Friday, June 26, 2015

Antonin Scalia, writing coach

What's the lone bright sunbeam of the day over at The Daily Caller?

The Supreme Court ruled 5-4 that the Constitution recognizes same-sex marriage, but Justice Antonin Scalia spun up a scorching dissenting opinion lambasting the court for its decision.

“The opinion is couched in a style that is as pretentious as its content is egotistic,” Scalia wrote.

Good to know we've got an editor on the case -- especially the since it's the editor who just this week single-handedly restored "jiggery-pokery" to its rightful place in the American vernacular. And the one who, in the same dissent, puts the apostrophe back in "o'erweening." And who, modestly reminding his audience that he went to Harvard, isn't interested in how they do things over at Cornell:

I join the Chief Justice's dissent in full. I write separately to call attention to this Court's threat to American democracy. ("Do not overstate. When you overstate, readers will be instantly on guard, and everything that has preceded your overstatement as well as everything that follows it will be suspect in their minds because they have lost confidence in your judgment or your poise.")

Huh? ... What say? ("Do not affect a breezy manner. ... 'Spontaneous me,' sang Whitman, and, in his innocence, let loose the hordes of uninspired scribblers who would one day confuse spontaneity with genius. The breezy style is often the work of an egocentric, the person who imagines that everything that comes to mind is of general interest and that uninhibited prose creates high spirits and carries the day.")

But that risks getting ahead of the hippie joke, which really hit the style button at TDC:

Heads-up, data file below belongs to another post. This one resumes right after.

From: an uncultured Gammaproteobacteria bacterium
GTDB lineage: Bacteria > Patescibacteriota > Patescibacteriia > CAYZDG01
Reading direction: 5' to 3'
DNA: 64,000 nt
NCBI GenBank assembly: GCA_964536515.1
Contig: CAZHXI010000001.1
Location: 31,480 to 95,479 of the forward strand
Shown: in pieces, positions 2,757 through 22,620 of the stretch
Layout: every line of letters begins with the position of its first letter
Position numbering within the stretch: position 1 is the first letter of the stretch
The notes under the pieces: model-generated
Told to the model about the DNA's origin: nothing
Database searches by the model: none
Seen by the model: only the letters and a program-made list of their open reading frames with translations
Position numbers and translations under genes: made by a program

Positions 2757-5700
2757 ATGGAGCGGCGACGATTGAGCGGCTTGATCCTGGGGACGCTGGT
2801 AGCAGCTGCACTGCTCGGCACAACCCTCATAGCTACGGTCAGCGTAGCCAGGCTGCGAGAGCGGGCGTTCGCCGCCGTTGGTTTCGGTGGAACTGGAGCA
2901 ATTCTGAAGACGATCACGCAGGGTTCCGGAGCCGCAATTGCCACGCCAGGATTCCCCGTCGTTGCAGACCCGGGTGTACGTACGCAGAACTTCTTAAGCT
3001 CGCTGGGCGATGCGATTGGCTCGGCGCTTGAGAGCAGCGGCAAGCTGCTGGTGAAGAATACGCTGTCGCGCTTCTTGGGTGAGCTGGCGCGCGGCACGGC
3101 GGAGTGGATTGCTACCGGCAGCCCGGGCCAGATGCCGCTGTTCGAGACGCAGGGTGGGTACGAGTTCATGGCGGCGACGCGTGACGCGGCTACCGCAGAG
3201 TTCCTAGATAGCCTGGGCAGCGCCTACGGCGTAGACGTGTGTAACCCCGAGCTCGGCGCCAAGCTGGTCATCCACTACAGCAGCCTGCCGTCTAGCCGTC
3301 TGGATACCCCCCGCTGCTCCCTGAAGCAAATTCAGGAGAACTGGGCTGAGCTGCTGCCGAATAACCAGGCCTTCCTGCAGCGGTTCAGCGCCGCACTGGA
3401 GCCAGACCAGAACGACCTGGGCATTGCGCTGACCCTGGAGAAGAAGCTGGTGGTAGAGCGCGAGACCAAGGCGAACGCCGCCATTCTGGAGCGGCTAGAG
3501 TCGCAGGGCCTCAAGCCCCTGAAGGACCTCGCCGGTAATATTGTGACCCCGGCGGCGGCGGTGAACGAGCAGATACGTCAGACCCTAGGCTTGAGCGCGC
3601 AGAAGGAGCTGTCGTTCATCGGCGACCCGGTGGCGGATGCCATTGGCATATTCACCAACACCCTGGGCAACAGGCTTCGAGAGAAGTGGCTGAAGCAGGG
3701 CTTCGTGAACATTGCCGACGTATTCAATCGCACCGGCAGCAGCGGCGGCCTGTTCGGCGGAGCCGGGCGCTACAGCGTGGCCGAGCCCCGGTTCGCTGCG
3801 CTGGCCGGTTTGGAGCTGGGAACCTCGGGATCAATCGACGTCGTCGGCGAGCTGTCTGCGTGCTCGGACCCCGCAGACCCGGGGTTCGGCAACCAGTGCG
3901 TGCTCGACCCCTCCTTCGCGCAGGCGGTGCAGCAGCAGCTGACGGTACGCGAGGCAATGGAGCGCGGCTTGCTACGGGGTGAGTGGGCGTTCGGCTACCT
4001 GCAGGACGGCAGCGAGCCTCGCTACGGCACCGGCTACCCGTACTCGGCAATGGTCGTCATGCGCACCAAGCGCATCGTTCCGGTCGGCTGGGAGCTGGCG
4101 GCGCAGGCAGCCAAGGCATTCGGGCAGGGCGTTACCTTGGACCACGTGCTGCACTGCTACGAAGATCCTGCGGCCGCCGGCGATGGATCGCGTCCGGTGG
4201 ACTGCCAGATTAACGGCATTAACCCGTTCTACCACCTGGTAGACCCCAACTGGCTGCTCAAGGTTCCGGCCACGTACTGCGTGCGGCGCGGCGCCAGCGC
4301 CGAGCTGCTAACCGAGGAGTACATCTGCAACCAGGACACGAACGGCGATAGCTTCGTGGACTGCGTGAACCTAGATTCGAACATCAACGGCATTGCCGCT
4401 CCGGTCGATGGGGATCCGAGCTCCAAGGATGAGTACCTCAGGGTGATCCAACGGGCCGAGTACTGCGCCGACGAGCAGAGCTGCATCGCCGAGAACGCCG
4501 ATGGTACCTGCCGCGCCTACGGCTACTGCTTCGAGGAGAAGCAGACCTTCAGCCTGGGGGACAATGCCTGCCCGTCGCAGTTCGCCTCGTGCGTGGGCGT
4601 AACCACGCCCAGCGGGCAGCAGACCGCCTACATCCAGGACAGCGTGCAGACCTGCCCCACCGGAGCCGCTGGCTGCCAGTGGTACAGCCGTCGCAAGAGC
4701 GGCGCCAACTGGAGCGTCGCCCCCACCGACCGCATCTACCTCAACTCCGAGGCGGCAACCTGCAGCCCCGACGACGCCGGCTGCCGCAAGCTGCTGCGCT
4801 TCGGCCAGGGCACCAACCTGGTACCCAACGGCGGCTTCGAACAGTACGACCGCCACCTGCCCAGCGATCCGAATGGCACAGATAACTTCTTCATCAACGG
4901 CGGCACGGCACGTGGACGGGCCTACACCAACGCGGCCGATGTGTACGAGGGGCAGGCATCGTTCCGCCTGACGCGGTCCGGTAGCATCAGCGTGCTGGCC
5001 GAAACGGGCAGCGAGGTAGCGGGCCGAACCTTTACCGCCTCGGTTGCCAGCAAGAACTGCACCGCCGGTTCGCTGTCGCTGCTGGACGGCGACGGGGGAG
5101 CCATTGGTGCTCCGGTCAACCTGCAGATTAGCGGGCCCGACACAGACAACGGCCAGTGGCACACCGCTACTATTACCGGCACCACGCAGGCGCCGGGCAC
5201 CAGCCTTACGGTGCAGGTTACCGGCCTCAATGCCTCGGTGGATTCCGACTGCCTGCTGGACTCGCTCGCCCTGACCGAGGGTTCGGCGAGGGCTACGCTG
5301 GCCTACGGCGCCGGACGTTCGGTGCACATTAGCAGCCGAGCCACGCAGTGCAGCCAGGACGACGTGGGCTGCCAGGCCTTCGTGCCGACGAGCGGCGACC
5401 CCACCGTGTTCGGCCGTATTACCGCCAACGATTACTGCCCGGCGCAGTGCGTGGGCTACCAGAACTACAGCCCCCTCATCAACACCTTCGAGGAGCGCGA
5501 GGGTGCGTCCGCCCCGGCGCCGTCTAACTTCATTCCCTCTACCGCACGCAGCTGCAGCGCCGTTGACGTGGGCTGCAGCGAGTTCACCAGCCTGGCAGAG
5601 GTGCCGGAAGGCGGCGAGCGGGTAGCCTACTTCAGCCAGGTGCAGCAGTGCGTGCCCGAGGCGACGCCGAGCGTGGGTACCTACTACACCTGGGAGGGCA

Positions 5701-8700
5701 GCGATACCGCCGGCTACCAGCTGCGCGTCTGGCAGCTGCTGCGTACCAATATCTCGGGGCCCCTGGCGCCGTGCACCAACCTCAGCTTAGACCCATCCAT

He went on, his style* some of the most inflammatory we’ve seen from the court.

“‘The nature of marriage is that, through its enduring bond, two persons together can find other freedoms, such as expression, intimacy, and spirituality.’ (Really? Who ever thought that intimacy and spirituality [whatever that means] were freedoms? And if intimacy is, one would think Freedom of Intimacy is abridged rather than expanded by marriage. Ask the nearest hippie.”

Uh ... groovy. But for some reason, The Daily Caller omits the following line:

Expression, sure enough, is a freedom, but anyone in a long-lasting marriage will attest that that happy state constricts, rather than expands, what one can prudently say.

Two things. One, "The Honeymooners" was not a documentary. Two, from the vantage point of a "long-lasting marriage": Ur doin it wrong.

* OK, one more quote from the masters:

"He's supposed to have a particularly high-class style: 'Feather-footed through the plashy fen passes the questing vole' ... would that be it?"

"Yes," said the Managing Editor. "That must be good style."


Post a Comment

Links to this post:

Create a Link

<< Home